A beginner’s guide to Philippine feminism
Sister #Mary_John_Mananzan, the co-founder of women’s organization Gabriela, was a political activist in the Philippines before she became a feminist.
It was only when she went to a women’s conference in Venice, Austria and heard discussions about incest and wife-beating that she felt the need to call herself a feminist. “It dawned on me, ‘My goodness these [abuses] are in the Philippines too,” she says. “[I realized] you cannot have a social transformation unless this gender question is resolved.”
Another known feminist, #Ging_Deles, who helped develop one of the first laws protecting women in the Philippines, got into feminism in the ‘80s. She says that she was working in the social development sector, but after meetings of bigger social development conferences, women began gathering together. Through these smaller get-togethers, it became clear how the issues of women were largely different from men, urging them to further push for women’s rights.
Mich Dulce, a designer and co-founder of the women’s community collective Grrrl Gang, shares that she got into feminism because of music. In a previous interview with CNN Philippines Life, she said: “The [feminist music movement of the ‘60s] was what led me to become a feminist. I was not born ‘woke.’ I lived in a bubble for such a long time.”
Deles, Mananzan, and Dulce all call themselves feminists and yet they all had different access points to feminism. We all come from diverse contexts, so if you’re looking for an entry point towards understanding the women’s movement in the Philippines, here’s a list of literature, films, and video discussions that you can consume:
“The Woman Question in the Philippines”
According to Gantala Press’ Faye Cura, this booklet by Sr. Mary John Mananzan offers an introduction to the state of women in the Philippines. “It contextualizes the oppression of Filipinas within the country’s colonial/neocolonial history,” she says. “It [also] discusses the challenges faced by women today — inequality and discrimination, gender-based violence, trafficking, and poverty, as well as Filipina women’s constant efforts to overcome these through feminism and the women’s movement.”
“Daloy I” and “Daloy II”
Batis AWARE (Association of Women in Action for Rights and Empowerment) is an organization that advocates for the rights of Filipino migrant women. In 2016, together with the publishing outfit Youth and Beauty Brigade, Batis AWARE published “Daloy 1,” a zine that features writings of Filipino migrant women. In 2018, Batis AWARE and YBB published “Daloy 2,” which dives deeper into the issues of Filipino migrant women — their day-to-day struggles, the abuses they face, and the continuous fight for their rights, among others.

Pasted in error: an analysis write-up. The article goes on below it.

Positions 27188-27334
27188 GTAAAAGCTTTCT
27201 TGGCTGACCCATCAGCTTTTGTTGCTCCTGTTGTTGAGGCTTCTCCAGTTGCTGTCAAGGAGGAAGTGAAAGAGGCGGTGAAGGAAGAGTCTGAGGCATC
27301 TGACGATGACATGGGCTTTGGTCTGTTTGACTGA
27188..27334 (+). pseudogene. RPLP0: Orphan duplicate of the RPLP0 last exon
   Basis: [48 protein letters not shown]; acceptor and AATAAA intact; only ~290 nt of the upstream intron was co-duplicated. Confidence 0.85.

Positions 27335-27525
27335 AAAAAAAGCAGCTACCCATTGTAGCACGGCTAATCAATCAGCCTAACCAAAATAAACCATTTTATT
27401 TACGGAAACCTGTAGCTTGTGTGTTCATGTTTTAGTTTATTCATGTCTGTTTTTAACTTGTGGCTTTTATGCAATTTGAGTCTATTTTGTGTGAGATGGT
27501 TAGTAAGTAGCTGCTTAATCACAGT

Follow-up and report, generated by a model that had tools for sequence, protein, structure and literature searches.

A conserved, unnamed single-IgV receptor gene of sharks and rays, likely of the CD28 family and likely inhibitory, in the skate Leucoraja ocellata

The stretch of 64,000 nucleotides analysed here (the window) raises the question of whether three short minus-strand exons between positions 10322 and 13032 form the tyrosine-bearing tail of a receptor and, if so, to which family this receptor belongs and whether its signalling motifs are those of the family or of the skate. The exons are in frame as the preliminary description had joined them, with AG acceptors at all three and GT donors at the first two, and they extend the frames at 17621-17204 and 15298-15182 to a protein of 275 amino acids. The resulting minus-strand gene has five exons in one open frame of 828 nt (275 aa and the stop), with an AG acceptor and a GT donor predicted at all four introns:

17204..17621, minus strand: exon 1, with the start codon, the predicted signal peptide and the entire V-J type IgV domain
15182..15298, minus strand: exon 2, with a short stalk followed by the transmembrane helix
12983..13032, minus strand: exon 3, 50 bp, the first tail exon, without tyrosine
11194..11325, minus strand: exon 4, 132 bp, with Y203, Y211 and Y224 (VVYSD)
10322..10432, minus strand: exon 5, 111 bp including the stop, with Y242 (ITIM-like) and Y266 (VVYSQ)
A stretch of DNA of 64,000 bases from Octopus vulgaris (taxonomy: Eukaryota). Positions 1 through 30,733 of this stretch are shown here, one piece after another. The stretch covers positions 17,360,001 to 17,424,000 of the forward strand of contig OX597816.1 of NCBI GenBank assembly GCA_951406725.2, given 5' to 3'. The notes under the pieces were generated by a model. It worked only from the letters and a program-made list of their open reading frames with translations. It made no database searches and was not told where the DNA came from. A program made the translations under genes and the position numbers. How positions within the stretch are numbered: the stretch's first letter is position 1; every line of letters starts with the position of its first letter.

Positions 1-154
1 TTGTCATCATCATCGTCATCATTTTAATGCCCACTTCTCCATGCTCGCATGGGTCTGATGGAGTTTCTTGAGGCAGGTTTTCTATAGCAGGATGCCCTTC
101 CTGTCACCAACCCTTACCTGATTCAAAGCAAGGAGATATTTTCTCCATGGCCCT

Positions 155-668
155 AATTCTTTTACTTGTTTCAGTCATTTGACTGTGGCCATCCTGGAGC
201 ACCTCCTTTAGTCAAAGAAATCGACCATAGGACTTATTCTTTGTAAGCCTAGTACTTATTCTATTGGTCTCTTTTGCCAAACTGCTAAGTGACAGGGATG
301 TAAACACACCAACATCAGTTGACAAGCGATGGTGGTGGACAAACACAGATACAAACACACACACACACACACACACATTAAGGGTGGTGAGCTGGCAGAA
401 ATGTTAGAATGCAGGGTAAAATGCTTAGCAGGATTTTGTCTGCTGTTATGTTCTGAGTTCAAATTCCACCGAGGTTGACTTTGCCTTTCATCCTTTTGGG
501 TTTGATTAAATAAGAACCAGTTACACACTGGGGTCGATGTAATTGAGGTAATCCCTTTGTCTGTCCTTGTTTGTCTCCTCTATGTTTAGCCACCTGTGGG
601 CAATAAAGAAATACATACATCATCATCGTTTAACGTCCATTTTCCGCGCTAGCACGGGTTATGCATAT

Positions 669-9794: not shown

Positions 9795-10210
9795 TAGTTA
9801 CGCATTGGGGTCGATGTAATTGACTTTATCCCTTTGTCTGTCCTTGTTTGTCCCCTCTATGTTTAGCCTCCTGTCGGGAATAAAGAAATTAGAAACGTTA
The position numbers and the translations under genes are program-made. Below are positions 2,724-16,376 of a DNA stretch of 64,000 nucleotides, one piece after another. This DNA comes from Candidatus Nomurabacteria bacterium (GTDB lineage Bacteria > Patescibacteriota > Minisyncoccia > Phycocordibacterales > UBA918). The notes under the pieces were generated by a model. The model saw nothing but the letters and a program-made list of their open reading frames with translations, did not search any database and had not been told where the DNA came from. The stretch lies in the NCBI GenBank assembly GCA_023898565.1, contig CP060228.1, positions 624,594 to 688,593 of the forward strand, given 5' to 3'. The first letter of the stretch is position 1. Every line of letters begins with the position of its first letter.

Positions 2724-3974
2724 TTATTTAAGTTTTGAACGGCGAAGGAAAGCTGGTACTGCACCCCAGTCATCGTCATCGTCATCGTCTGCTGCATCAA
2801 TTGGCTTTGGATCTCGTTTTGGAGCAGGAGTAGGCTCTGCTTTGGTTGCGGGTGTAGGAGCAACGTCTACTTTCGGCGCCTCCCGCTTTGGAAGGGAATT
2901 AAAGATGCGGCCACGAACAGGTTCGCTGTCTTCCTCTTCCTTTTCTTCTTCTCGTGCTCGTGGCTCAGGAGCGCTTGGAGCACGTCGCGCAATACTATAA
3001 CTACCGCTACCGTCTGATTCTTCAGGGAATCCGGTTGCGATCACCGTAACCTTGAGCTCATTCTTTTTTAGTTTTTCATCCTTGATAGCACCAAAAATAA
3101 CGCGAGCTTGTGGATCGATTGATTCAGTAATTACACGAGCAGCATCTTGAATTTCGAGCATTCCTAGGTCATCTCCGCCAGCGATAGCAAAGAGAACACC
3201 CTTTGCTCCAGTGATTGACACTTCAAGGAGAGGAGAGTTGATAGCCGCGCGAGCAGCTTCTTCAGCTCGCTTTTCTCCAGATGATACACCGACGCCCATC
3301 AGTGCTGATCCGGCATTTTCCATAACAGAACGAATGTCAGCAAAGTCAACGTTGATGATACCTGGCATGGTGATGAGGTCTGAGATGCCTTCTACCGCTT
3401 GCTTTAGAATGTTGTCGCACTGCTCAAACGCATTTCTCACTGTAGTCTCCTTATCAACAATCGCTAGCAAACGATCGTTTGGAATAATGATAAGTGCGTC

“Centennial Crossings: Readings on Babaylan Feminism in the Philippines”
While there is a scarcity of recorded historical data on pre-colonial Philippines, there have been pieces of literature that reveal the central role women play during this era. A significant icon of pre-colonial Philippines is the babaylan, a healer or shaman who is usually a woman. In the book “Centennial Crossings: Readings on Babaylan Feminism in the Philippines,” the editors Fe Mangahas and Jenny Llaguno shine a light on how babaylanism is the inherent source of a Filipina’s strength and that babaylanism may perhaps be the forebearer of the women’s movement in the country.
“Amazons of the Huk Rebellion: Gender, Sex, and Revolution in the Philippines”
Written by Vina Lanzona, this book details how women in the Philippines were central to the revolution against Japanese occupation. “[This] provides an in-depth narration and analysis of the life and heroism of women warriors of the Hukbong Bayan Laban sa Hapon (Hukbalahap),” says Faye Cura. “[It begins] at the onset of the Japanese occupation of the Philippines until after the war has ended and the ‘Amazons’ were vilified in popular imagination. A must-read for all Filipinos.”
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